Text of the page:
Equally important to examining the worksite environment for potential areas of risk is understanding the health-related issues associated with H2S exposure. Similar to most gases, the level of impact to a worker’s health directly corresponds to the concentration of exposure in parts per million (ppm) and duration of exposure. For example:

  • .13 ppm: The threshold of odor detection.
  • 10-100 ppm: Eye and throat irritationand headaches can occur after one hour of exposure. A worker may experience nausea, dizziness, coughing and vomiting due to continued exposure.
  • 700-1000 ppm: This amount of H2S can cause unconsciousness and immediate collapse within one or two breaths. Continued exposure at this amount may be fatal.
  • 1000-2000 ppm: Nearly instant death occurs when exposed to this amount of H2S.
  • 45,000 and 450,000 ppm: An explosion can occur at this level of exposure.

After identifying the degree of severity of a potential H2S event, the respirator selection process will then depend on the standards and guidelines of each country. For example, worksites in the United States will follow the OSHA respiratory selection regulations, which are determined by the maximum use concentration (MUC). This figure is the multiplication of the assigned protection factor (APF) and the recommended exposure limit (REL). OSHA’s standard 29 CFR 1910.134 will detail the APF of a certain class of respirators and NIOSH’s Pocket guide to Chemical Hazards shows exposure limits.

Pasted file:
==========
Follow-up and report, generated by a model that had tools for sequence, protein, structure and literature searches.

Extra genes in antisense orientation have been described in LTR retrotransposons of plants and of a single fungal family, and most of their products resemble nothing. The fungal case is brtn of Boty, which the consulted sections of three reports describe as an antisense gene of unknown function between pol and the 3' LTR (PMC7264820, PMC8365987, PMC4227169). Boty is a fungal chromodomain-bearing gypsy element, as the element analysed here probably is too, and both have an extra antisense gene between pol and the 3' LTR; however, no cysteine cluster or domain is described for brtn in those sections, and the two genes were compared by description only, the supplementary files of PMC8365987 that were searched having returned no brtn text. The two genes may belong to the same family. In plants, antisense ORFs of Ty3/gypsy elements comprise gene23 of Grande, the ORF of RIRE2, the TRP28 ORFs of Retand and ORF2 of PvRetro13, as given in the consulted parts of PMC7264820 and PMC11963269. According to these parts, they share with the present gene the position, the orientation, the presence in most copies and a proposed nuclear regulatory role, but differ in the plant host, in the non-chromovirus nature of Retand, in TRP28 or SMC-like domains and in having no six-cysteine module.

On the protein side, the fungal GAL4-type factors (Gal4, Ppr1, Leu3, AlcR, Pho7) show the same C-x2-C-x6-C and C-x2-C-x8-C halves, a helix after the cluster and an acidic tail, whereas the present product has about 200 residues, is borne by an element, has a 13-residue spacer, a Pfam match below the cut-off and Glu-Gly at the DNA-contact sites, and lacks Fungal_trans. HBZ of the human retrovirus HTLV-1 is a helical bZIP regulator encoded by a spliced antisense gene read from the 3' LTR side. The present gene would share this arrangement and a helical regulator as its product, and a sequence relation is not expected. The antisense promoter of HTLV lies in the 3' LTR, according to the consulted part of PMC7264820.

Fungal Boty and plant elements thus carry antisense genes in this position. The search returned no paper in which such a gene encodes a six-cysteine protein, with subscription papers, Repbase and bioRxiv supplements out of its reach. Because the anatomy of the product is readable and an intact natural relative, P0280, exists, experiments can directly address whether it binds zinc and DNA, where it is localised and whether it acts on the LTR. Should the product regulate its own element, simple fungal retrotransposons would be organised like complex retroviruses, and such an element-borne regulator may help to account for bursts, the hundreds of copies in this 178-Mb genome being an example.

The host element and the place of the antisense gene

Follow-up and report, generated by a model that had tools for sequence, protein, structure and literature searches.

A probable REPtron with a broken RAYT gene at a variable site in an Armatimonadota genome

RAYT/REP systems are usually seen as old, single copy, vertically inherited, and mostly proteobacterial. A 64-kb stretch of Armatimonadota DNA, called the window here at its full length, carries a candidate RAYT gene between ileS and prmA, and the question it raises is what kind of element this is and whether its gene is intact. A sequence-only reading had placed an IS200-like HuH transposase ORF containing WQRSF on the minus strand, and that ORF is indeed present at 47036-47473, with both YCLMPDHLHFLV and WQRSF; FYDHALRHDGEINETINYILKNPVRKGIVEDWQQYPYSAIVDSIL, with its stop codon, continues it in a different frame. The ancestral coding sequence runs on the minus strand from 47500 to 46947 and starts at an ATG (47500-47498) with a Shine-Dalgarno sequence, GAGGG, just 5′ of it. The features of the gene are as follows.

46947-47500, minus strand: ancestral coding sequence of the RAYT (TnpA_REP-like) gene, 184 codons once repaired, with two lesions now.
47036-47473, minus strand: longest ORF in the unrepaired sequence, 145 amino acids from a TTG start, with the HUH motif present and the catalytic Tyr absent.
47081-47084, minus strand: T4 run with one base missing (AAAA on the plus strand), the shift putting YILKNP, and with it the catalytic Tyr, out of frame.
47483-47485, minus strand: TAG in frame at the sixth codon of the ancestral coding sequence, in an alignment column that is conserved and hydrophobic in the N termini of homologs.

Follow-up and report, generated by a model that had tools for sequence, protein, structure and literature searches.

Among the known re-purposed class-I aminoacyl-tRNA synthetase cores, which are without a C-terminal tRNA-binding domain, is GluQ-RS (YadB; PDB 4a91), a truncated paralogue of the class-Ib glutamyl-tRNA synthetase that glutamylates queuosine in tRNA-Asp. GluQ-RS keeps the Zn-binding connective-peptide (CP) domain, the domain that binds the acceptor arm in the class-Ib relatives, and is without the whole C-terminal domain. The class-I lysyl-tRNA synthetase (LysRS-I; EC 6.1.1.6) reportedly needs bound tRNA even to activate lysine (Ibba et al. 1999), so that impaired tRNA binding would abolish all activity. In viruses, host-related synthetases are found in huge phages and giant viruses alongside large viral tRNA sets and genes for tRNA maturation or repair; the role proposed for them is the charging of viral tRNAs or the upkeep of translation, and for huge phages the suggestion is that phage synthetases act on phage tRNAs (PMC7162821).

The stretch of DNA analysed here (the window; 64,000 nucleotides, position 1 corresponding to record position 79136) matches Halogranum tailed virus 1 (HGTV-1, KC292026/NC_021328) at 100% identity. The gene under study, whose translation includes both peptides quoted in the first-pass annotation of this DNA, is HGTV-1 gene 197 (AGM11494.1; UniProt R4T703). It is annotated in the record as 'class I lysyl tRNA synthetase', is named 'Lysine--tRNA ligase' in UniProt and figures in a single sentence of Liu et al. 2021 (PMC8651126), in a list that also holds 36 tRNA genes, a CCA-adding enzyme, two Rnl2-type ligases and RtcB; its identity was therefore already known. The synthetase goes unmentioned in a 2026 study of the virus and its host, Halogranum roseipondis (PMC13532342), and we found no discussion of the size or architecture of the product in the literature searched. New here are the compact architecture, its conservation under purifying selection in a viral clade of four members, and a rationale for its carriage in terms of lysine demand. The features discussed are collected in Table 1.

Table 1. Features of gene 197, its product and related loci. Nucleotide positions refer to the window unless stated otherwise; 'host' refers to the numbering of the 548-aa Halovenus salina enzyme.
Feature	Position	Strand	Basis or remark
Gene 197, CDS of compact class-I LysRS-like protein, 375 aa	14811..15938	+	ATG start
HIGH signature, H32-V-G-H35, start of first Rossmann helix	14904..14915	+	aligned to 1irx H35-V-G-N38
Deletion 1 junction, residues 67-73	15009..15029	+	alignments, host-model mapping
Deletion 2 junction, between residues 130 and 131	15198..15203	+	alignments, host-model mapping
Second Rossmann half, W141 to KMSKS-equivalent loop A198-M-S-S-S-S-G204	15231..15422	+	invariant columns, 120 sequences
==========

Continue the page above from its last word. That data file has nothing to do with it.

The following respirator types are suggested based on their corresponding concentrations of H2S:

  • 0-10 ppm: No respirator is needed, below REL.
  • 10-100 ppm: Powered air-purifying respirator (PAPR), full face mask cartridge respirator or self-contained breathing apparatuses (SCBA).
  • 100-100,000 ppm: SCBA or supplied air in positive pressure mode.

Companies shouldn’t rule out the possibility that there may be circumstances where workers could be exposed to H2S concentrations exceeding 100,000 ppm, including drilling operations or work-overs of low-producing wells. If the initial assessment identifies this scenario as a potential threat, companies can refer to the manufacturer’s simulated workplace protection factor (SWPF) test. Some manufacturers have tested their respirators with sulfur hexafluoride (SF6) to replicate the safety challenges that arise during H2S exposure, finding that some SBCAs provide protection above industry standards. In these tests, 3D head scans are created, which are then used to help devise exercises that simulate escape situations, helping prepare workers for the unexpected.

Across these high-risk industries, companies can demonstrate their commitment to the safety of their workforce by proactively and intelligently identifying hazardous situations. This process is critical to the success of these businesses. It is essential that managers pledge to reduce the number of work-related respiratory injuries and invest in quality respirators to combat extreme environments.